This post is a node to a post by Jodru over at Anablog who sited a reference to a book 'The 50 Greatest Composers and Their 1000 Greatest Works' and then proceeds to provide his own way of ranking composers. After a couple of days of pondering this topic (amid reading news about the election which occupies 98% of the news coverage at present) I have come to a few conclusions. First of all, I feel woefully unqualified to "judge" composers whose abilities I feel far exceed my own skills. However, it is still possible to provide an opinion to their music - so my own ranking system is based on how I resonate with a composer (and their music) and not necessarily with the quality of their composition (although I will touch on that aspect in ranking some of these composers).
Another aspect of ranking composers is to understand that the scope of this post is inadequate to cover all composers. There are numerous unknown/little known composers whom I admire greatly, but they have yet to achieve a sense of notoriety that would include them as a main-stream composer. There are many well known composers that are also not included on this list simply because I wanted to give a sample of what my tastes are in music. Below the ratings table is the criteria used to create the list.
Finally, I will not deal with many composers prior to the 20th century. Some are worth talking about as they are just too important to exclude. If a pre-20th century composer is listed it is because they are too important to my musical lexicon to exclude. Some pre 20th-century composers could be on this list, but didn't make it as my focus tends to be in modern music. The 20th-century composers are a more complete list, and still some are not listed due to space. Making it onto this list says something about the composer and is meant as a compliment.
I have studied all to the composers listed to some degree, if only just to listen to their body of works to gain some idea as to their style.
|Tier I||Tier II||Tier III||Tier IV|
The Reasons:If the composer is rated Tier I, they are not only a composer whom I feel contributed greatly to the advance of music, but produced a significant body of work to be considered one of the truly great composers. If the composer is rated Tier II, I very much respect their work, I may even envy some of their work, but... some of their work is not of a quality for me to rank them as really great composers. This is a difficult rating as many of these composers are really wonderful; I just feel they don't quite have what it takes to make it to Tier I. If the composer is rated Tier III, they have some music I like, but overall I am rather lukewarm about their music. This may sound odd since I list Holst an influence, but his work is a perfect example. I marvel at "The Planets", but other works by Holst are no where near as exceptional. Prokofiev is a really good composer, but again, many of his pieces leave me less than excited so he ends up in Tier III. Greenberg is still very young and so hasn't composed enough to move up (yet). If the composer is rated Tier IV, I enjoyed studying their music and feel they are worthy of study (definitely), but I would not listen to their music out of choice.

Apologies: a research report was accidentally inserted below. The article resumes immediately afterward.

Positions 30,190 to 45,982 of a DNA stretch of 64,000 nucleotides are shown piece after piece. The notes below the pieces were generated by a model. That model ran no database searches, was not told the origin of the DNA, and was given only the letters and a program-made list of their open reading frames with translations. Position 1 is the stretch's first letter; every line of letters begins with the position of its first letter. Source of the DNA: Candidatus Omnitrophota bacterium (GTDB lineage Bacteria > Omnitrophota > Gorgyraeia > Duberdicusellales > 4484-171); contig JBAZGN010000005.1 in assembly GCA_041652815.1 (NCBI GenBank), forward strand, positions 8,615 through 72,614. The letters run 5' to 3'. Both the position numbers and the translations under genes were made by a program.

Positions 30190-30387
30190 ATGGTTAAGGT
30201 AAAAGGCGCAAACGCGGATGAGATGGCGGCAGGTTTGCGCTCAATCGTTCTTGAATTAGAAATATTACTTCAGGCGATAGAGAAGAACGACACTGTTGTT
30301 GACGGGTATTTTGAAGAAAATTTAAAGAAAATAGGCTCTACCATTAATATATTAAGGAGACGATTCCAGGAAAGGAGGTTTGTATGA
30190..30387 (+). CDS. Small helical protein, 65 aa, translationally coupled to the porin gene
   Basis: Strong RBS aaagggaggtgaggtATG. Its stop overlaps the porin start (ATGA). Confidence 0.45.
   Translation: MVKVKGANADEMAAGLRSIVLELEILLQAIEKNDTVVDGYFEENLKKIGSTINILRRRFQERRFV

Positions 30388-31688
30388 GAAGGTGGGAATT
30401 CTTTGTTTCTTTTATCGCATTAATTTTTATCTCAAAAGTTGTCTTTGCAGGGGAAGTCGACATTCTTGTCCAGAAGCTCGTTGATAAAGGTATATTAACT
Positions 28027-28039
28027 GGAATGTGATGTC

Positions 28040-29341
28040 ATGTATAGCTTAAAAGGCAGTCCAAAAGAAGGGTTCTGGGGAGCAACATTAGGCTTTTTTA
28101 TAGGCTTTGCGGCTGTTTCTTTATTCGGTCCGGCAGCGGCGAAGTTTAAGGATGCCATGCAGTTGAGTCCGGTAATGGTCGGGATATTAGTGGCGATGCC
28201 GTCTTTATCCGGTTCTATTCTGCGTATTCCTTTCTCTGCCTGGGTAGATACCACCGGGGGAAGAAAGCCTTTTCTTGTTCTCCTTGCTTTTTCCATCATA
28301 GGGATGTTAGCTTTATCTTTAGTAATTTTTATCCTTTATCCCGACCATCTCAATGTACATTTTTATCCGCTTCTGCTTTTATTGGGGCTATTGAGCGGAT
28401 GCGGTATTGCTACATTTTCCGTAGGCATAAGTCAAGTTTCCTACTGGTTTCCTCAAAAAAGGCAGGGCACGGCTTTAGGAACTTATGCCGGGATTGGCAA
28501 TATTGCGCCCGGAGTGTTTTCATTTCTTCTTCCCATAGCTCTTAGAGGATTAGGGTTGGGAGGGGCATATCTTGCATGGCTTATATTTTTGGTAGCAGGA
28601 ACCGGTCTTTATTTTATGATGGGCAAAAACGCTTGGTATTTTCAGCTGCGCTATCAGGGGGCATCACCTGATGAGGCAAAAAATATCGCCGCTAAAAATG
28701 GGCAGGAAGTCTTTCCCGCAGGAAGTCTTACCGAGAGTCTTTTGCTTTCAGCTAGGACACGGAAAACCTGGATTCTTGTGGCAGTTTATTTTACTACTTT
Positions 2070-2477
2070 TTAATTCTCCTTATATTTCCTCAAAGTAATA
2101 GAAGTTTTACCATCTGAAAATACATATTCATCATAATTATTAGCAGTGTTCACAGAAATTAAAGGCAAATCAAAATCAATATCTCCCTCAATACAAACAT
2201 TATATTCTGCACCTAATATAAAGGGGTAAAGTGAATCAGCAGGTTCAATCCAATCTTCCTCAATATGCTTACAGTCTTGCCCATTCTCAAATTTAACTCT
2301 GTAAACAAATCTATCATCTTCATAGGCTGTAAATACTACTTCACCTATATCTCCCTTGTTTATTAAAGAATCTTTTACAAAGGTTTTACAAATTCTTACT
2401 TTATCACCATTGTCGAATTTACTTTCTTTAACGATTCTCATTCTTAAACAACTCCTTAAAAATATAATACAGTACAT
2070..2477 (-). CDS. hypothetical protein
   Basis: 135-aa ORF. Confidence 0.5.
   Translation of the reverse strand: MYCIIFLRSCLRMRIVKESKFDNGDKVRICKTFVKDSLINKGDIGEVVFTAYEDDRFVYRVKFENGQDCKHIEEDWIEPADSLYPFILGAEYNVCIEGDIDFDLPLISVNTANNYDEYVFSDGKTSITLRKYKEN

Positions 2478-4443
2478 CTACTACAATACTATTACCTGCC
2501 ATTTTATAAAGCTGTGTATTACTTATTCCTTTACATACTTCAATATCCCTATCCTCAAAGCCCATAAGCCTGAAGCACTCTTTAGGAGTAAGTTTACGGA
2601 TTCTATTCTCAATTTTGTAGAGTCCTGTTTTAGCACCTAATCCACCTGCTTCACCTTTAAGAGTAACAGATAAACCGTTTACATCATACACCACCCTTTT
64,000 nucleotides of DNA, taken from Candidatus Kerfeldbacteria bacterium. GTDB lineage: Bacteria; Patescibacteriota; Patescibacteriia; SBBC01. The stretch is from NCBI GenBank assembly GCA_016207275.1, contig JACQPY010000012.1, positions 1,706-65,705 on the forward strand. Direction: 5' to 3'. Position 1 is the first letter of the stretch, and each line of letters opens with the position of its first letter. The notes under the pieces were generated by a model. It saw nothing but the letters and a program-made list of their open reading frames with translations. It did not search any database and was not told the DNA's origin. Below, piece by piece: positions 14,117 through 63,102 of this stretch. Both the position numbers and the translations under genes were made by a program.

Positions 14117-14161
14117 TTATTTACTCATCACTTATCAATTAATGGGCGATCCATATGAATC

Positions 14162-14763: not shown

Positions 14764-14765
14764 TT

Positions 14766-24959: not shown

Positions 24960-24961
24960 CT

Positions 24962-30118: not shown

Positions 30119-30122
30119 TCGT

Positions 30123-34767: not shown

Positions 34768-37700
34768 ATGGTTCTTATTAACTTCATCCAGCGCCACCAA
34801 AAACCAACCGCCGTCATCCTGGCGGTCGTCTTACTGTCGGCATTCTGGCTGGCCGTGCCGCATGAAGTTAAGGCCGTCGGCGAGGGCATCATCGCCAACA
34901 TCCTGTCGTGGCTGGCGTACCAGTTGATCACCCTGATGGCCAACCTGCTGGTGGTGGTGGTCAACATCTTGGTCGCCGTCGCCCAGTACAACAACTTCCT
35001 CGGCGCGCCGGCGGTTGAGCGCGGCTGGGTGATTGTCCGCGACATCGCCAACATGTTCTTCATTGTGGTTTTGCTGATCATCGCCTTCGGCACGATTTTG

Tier IV is the most unique rating as these composers are not composers whose music I have any affinity for, but still consider them among the list of people other composers should study. They brought(bring) new ideas to music and that's a good thing. For the purposes of this list, most of their ideas are a bit far afield for me. This should not be taken as derogatory; their music is just not in my taste. The rest of composers (Tier I-III) are all composers whose music I very much enjoy.
Another ranking of pianist composers is listed here.